SGA hosts Election Night watch party for students

Students in the Demon Den in the Student Center for the SGA Election Night watch party
Students in the Demon Den in the Student Center for the SGA Election Night watch party. (Joseph Troiano/The DePaulia)

Patriotic colors, decorations, and free food brought together the political savvy DePaulians on Nov. 4 during the Student Government Association’s Watch Party at the Student Center for the 2014 governor elections. Students gathered to watch the results and discuss their opinions and choices for the future state representative.

According to SGA’s president, Matthew Von Nida, civic engagement is one of the group’s missions this year.

“There is a joke that if every student in DePaul voted, we would get free tuition. But students should vote because the decision they make effects and impacts their lives,” said Von Nida.

Von Nida said that MAP grants were an important issue for him when he voted today. MAP grants are awarded by the Illinois Student Aid Commission and are limited based of FAFSA application dates, number of applicants, and the funding levels given by the Illinois General Assembly.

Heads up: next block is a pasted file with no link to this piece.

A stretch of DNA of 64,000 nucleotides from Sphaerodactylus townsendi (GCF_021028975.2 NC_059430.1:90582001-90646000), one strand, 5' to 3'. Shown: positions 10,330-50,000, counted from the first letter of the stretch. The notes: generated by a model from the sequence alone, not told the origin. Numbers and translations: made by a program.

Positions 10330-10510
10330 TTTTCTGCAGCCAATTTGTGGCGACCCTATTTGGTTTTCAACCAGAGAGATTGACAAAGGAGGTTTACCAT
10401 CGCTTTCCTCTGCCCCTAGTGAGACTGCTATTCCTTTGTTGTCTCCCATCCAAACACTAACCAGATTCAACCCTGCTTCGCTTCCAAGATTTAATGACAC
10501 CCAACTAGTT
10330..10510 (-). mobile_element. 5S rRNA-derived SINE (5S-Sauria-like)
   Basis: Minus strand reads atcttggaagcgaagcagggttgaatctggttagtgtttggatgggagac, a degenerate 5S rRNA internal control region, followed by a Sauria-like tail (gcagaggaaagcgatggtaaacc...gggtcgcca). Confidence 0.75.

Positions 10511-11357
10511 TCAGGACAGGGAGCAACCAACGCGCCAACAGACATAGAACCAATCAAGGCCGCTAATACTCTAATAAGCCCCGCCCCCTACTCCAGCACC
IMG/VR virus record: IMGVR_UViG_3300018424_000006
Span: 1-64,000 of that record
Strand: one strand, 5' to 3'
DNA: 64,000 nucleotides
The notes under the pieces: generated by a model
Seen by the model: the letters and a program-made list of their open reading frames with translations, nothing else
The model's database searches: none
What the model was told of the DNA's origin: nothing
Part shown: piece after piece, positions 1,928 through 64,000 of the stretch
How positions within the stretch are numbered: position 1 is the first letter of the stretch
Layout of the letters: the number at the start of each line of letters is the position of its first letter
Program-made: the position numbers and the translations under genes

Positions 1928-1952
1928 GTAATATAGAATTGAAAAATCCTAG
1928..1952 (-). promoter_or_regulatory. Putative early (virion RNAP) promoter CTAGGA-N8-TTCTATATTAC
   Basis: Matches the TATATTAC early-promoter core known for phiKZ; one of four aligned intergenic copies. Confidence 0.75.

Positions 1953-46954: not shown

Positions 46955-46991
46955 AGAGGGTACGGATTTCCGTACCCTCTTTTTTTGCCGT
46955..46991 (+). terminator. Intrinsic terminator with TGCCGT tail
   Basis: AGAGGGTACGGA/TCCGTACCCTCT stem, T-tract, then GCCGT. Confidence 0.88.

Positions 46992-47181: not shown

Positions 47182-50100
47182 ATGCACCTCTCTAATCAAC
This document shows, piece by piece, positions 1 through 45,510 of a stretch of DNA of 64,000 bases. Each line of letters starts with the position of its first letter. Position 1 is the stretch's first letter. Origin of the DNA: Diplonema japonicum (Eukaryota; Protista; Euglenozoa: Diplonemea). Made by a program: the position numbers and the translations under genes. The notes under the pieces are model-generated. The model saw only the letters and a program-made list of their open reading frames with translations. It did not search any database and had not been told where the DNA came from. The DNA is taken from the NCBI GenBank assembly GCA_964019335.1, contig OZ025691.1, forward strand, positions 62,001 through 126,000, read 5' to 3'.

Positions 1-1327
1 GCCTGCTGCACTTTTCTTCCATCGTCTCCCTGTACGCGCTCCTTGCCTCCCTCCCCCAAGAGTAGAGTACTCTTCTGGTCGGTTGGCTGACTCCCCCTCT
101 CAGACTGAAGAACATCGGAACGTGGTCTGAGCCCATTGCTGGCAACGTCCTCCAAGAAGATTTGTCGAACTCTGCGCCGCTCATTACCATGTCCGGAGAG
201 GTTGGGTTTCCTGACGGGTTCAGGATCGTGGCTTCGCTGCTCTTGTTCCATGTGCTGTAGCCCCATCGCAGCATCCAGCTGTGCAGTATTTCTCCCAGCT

“MAP grants are important, and I feel that without them, it does not follow the Vincentian mission. Students need them for their education,” said Von Nida. “That is a reason that we should come together, so we could work with state leadership to impact students’ lives.”

The watch party was casual with about 15-20 students dropping by. SGA didn’t have student turnout expectations, but was looking for students to come and go as they pleased.

Radio DePaul was also present at the SGA Watch Party.

“We started broadcasting around 7 and we are covering the Illinois governor elections as well as the local elections for the 10th district. During that time we had interviews and many call ins from both sides of the political spectrum,” said senior Lily Streiff, broadcaster of Radio DePaul.

Radio DePaul also held trivia games and interviews with students, trying to get students to vote and be politically active.

“We want to get students involved because their vote will impact their futures,” said Streiff.

Although many students did not wish to talk about whom they voted for and why, some expressed thoughts on why students should be politically aware and involved.

“I think students should be as politically involved as possible, not just in voting, but the whole process of leading up to who becomes the candidate in the election. But I also think students should be more realistic on what can be changed to make a better society in a certain period of time,” said senior Christopher Ahrens.

Whether students chose to be involved in voting or not, the ballots are still being counted and students are anxiously awaiting the results and how it will impact the state of Illinois.